High School Students Help Solve Problems

Posted on April 29, 2015 by  
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Homestead High School junior Maya Dhar, a Los Altos resident, left, and classmate Carolyn MacDonald support the school’s AP Environmental Science classes at the Arbor Day Festival April 23.As summer approaches, hope for more rainfall to relieve the drought dwindles and the effects of climate change become glaringly obvious – and students in Homestead High School’s AP Environmental Science (APES) classes aim to do something about it.

For the sixth consecutive year, students in Homestead’s APES classes are conducting a four-month project titled “Your World,” which requires them to identify an environmental problem in their community and take action to propose a solution.

“I think the APES project has a good purpose, because the class gets to apply what they have learned to their own community,” said Los Altos resident Karen Thornton, a sixth-period APES student.

The idea for “Your World” originated from an AP conference that APES teacher Richard Carmona attended in 2009. Carmona has his students take the information they learn in class and apply it to the real world to solve an environmental problem close to home.

“Students identify an environmental issue that they see in their community, determine a course of action to solve the problem and enact their vision,” he said.

Each class resembles a company; the class chooses a company name and conducts its actions as a company. Students elect a CEO and form action teams that focus on marketing, research and development and public relations.

Students in the company collaborate to present a three- to five-minute pitch to a board of executives comprised of environmentalist and other activists in the community.

Just as companies within the same industries compete in the real world, Carmona’s three APES classes vie against one another to create the best vision – and most effective implementation of that idea – for a more environmentally friendly community. The board chooses the winner in May.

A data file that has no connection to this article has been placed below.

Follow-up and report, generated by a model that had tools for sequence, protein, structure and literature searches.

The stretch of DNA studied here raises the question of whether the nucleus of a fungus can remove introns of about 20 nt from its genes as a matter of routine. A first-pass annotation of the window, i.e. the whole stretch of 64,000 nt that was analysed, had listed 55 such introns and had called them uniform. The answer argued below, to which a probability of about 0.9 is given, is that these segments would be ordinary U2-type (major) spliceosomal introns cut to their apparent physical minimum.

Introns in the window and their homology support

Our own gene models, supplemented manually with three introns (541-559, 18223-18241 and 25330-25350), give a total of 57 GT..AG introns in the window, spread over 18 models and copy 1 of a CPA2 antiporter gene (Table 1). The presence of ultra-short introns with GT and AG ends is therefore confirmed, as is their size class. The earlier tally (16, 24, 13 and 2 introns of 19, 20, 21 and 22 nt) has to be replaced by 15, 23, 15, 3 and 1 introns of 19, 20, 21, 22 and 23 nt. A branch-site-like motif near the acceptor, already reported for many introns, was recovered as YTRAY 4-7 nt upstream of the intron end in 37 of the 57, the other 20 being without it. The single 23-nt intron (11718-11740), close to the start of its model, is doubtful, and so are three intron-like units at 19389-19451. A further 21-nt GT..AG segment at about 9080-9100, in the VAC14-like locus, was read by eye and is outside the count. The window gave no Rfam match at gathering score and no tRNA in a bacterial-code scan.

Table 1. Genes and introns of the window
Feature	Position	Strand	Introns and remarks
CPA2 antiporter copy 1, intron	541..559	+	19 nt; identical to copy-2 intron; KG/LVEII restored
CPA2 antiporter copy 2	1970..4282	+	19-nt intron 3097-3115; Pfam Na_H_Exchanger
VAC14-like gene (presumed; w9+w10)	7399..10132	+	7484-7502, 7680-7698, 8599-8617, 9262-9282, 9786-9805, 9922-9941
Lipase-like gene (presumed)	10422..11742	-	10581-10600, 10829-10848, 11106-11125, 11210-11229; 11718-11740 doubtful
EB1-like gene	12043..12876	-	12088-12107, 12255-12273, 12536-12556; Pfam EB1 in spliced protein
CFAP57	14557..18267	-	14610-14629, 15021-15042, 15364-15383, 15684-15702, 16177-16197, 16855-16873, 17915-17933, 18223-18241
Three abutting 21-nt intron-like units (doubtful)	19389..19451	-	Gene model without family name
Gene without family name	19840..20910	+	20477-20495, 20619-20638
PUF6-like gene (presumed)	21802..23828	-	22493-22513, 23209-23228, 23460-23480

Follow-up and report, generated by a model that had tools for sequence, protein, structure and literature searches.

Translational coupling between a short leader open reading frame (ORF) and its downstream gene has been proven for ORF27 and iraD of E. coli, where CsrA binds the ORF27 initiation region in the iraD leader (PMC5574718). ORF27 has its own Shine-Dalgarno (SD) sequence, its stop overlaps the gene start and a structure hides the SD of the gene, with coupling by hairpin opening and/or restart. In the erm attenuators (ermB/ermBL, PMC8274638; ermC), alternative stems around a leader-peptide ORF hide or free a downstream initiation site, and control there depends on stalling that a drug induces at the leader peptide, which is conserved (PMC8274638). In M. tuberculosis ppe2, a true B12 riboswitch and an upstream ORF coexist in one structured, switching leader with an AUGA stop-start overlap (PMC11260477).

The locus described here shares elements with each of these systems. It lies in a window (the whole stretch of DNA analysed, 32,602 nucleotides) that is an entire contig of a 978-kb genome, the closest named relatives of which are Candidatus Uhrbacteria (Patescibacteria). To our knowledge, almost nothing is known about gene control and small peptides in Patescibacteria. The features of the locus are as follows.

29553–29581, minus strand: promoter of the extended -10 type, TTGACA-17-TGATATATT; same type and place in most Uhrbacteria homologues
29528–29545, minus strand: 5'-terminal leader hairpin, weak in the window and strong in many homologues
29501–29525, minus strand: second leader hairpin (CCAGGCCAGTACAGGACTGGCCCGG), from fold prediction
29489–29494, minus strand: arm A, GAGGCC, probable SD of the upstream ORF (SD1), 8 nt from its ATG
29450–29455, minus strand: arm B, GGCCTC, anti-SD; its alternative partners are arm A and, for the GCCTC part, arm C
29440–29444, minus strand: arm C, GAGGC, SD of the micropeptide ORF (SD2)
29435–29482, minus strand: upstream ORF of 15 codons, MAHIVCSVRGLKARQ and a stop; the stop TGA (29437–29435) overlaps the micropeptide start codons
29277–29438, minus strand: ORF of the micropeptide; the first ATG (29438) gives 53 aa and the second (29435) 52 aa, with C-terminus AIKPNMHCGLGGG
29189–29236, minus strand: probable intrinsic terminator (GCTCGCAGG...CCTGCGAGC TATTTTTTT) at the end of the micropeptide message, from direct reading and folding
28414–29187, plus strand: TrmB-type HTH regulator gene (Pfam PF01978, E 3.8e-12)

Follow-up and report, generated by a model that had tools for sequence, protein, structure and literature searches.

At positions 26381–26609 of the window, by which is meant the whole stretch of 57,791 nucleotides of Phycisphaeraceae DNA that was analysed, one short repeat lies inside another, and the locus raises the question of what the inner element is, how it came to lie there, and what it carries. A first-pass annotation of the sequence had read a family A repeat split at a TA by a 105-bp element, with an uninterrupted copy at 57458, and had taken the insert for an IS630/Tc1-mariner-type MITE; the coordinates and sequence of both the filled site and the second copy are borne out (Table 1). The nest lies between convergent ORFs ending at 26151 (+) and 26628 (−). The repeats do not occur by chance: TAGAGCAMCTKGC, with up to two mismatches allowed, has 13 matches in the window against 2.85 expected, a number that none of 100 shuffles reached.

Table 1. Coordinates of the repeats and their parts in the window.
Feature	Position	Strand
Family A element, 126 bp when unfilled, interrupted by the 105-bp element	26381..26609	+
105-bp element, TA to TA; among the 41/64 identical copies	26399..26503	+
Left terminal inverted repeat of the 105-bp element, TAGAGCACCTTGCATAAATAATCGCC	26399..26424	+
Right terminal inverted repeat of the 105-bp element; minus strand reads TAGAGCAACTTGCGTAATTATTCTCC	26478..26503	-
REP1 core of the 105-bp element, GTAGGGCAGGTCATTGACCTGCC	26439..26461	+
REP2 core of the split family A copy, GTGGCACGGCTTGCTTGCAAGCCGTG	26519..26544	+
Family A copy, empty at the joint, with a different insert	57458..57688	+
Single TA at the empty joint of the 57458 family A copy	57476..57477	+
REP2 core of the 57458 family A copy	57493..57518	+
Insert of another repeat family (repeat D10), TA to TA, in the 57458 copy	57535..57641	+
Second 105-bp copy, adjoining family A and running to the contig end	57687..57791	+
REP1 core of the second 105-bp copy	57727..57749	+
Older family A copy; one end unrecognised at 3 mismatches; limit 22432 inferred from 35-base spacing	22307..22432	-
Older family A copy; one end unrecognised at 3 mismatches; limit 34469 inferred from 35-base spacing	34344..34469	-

Urban ForestStudents in Carmona’s sixth-period APES class named their company Project Sprout. They are taking on the problem of deforestation and ways to conserve paper.

The action team, which includes Thornton, organized a Homestead Arbor Day Festival April 23. The goal of the festival was to provide students and adults with information on ways to save trees as they participated in fun activities, according to Thornton.

The class next plans to partner with the San Jose-based nonprofit Our City Forest to plant trees in Homestead’s newly reconstructed quad to make the school more eco-friendly.

The research team – which includes Los Altos resident Dylan Remahl – plans to calculate the amount of paper waste at Homestead and determine how it could be reduced if all the teachers used Turnitin.com, a website that allows students to submit their work online and detects plagiarism.

Two years ago, an APES class advocated for an anti-Styrofoam initiative in Sunnyvale and Cupertino in an effort to prevent restaurants from distributing food in Styrofoam take-out boxes.

At the end of the four-month project, students presented their idea to the Cupertino City Council. Their presentation contributed to the council’s decision to ban Styrofoam on the county level in 2014, according to Carmona.